The regulatory barriers refer to the legal and institutional frameworks that govern the use of technology in urban areas. These frameworks may not be compatible with the innovation and experimentation that smart city solutions require.
Some regulations may limit the collection, sharing, or use of data that is essential for smart city applications. Some may also create obstacles to the deployment of new technologies, such as drones, autonomous vehicles, or 5G networks.
Solutions: To overcome this challenge, smart city planners need to work with policymakers and regulators to create a supportive and flexible environment that enables innovation and collaboration. They also need to ensure that their solutions comply with ethical standards and protect the privacy and security of citizens.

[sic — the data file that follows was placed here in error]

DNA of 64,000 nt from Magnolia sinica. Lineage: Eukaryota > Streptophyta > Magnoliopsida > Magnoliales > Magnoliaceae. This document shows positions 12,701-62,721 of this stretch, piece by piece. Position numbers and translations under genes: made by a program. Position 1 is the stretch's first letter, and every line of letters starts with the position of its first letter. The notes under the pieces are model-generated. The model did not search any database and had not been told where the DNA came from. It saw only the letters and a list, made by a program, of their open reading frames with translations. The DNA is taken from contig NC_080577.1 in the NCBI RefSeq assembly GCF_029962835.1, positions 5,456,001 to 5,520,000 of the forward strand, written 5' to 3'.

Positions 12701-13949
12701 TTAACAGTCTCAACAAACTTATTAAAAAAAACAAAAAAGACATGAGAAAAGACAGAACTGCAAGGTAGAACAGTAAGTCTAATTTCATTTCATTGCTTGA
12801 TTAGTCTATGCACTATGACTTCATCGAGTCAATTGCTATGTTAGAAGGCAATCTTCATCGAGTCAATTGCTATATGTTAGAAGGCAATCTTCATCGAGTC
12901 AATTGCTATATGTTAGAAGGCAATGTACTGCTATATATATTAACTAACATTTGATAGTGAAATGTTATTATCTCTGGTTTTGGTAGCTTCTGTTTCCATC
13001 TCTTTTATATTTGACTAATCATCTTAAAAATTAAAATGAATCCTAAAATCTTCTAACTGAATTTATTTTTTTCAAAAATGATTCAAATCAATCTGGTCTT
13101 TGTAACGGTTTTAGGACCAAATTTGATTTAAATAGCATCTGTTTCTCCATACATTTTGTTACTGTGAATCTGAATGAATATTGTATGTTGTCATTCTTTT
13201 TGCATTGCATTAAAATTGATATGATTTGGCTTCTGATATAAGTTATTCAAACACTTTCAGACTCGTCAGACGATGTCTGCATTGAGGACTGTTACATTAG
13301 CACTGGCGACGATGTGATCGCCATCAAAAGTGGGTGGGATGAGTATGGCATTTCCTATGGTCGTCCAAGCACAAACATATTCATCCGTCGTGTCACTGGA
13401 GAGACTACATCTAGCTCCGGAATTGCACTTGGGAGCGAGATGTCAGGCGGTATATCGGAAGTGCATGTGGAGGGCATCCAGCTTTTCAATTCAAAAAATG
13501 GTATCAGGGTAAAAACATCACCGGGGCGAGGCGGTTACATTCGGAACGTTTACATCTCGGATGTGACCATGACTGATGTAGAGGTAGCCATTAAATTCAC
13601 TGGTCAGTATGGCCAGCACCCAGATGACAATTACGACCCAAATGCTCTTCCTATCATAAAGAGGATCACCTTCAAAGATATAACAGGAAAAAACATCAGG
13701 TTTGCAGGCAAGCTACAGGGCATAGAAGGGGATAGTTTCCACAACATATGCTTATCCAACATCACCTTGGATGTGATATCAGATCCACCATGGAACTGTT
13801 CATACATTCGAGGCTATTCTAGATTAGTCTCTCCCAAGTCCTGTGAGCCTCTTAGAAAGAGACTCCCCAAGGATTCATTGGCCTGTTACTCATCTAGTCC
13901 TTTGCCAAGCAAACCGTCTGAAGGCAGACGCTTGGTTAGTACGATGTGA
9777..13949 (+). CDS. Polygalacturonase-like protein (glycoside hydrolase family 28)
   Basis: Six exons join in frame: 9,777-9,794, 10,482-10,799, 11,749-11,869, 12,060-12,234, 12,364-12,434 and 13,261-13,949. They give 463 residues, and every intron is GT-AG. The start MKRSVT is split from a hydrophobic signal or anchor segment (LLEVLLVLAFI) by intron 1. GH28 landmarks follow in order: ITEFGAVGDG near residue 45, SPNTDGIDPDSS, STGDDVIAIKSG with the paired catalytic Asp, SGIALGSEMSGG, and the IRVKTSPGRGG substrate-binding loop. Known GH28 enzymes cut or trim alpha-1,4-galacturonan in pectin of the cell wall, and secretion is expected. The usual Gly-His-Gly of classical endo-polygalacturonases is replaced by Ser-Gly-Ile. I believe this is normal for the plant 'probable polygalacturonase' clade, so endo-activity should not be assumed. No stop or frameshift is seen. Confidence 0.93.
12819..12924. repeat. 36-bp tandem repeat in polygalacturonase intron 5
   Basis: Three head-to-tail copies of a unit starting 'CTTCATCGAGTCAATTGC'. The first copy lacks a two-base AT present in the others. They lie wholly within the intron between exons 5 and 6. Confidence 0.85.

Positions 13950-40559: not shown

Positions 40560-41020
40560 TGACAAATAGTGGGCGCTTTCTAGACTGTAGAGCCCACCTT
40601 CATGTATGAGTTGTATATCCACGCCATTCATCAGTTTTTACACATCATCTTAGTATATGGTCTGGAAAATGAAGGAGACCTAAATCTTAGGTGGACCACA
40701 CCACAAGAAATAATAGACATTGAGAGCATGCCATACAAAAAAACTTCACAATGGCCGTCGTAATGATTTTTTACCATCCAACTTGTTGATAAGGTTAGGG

The applications of IoT in urban areas have time entirely transformed cities so that they can be safer and smarter for the population inhabiting them. Smart cities with IoT now enjoy safer communities, enhanced citizen and government engagement, reduced environmental footprint, more effective data-driven decision-making, and new economic development opportunities.
At Dirox, we develop IoT programs so that you can improve the operations of your business, just like how authorities are improving the efficiency of their cities.
Contact us to learn more about the opportunities when implementing IoT in your business or if you want to hire an IoT Engineer!